Step 3: Demonstrate (and prove!) a social benefit

You’ve done it all so far: The blurb is short enough for a social media share. Your first three sentences set up a key question and further dilemma. You’ve omitted unnecessary details, like your character’s middle name or their township’s population.

And yet, potential readers are still scrolling to click on other book titles in your category. Yes, it could be other factors like book cover design and reviews, but still – there’s one last ingredient needed to seal the deal on your blurb. This is, of course, why the book matters to the potential buyer. What does your book provide for them? How will it make an impact on their life? Advertisements do it all the time, so why not utilize this technique to sell your book?  

For example, if your book is self-help, be sure to mention that they’ll never think the same way about X problem ever again. Or if it’s fiction, show how your main character is relatable to readers, and how they overcome problems that many of us experience in our own lives.

If you have reviews or testimonials to prove this, even better: up the social proof to the max. And if you’re new to self-publishing, drawing comparisons to pre-existing works is one great way to do it (e.g. “This Gender Bending Historial Fantasy is Games of Thrones meets Queer Eye), or just stress how it’ll change the reader’s way of looking at the world (“fantasy fans and fashionistas will never be the same again…”).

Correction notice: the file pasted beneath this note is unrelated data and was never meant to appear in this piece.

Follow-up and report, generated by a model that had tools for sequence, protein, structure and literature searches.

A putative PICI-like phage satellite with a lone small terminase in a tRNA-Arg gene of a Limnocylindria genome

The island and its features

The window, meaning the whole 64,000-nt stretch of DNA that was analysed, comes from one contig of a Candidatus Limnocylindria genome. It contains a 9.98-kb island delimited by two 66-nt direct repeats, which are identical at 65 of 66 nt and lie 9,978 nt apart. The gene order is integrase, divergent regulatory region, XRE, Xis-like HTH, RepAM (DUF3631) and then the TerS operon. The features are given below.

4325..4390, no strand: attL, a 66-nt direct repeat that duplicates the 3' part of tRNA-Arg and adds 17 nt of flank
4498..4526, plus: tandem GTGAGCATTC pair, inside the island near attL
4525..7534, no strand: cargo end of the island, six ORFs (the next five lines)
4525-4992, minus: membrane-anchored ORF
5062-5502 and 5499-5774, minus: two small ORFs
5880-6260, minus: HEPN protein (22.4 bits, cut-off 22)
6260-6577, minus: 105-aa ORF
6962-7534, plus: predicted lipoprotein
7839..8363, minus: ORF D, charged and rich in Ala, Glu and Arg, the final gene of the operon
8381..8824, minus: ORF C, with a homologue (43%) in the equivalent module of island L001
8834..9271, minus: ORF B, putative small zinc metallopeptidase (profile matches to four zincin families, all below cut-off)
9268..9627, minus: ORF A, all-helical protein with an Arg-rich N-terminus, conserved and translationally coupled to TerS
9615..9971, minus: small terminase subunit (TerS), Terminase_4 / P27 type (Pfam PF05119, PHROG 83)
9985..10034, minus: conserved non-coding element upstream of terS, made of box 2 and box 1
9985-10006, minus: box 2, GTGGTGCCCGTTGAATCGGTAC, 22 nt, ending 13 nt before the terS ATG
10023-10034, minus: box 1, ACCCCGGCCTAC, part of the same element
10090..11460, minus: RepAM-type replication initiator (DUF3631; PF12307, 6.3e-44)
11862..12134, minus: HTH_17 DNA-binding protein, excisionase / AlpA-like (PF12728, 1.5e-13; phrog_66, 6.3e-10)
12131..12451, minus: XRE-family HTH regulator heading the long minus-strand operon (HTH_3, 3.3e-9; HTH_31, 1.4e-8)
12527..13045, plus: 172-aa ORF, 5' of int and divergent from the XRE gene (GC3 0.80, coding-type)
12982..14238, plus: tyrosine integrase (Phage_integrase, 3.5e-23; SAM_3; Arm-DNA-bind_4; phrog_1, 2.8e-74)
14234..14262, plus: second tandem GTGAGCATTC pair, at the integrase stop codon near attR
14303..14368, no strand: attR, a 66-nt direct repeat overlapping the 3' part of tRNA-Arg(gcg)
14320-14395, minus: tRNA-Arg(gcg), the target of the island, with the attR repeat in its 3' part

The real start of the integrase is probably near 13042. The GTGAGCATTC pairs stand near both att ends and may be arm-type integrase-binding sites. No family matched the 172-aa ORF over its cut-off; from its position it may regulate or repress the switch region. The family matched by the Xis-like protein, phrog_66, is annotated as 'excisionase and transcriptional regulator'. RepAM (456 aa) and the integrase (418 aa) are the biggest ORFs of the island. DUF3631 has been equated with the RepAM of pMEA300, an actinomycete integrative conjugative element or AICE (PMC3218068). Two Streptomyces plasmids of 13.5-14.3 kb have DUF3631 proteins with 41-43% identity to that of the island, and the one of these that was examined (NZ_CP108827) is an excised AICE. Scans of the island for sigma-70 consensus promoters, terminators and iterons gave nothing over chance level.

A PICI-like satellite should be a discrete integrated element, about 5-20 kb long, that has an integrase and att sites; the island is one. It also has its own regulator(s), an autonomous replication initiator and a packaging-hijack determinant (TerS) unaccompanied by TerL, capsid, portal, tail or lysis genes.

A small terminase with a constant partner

Takeways

In order to make a successful book blurb, be sure to include:

  1. An enticing lead to grab readers
  2. A question that a reader can only answer by actually reading your book
  3. Proof that the story will benefit the reader’s life – this might be pure entertainment, or genuine self-improvement

There are endless ways to play around with these elements. Try out different options – at least three – and test them with friends and family, as well as pro beta readers. Ask: which description pulls you in? Which one doesn’t do it for you? And why? Or, do an A/B test in Amazon: swap out the different descriptions and see which one performs the best.

Still no sales? Keep re-writing and testing until you do, like Alessandra Torre. Otherwise, accept that the marketplace just may not be ready for this particular book, and start re-examining your content from the ground up.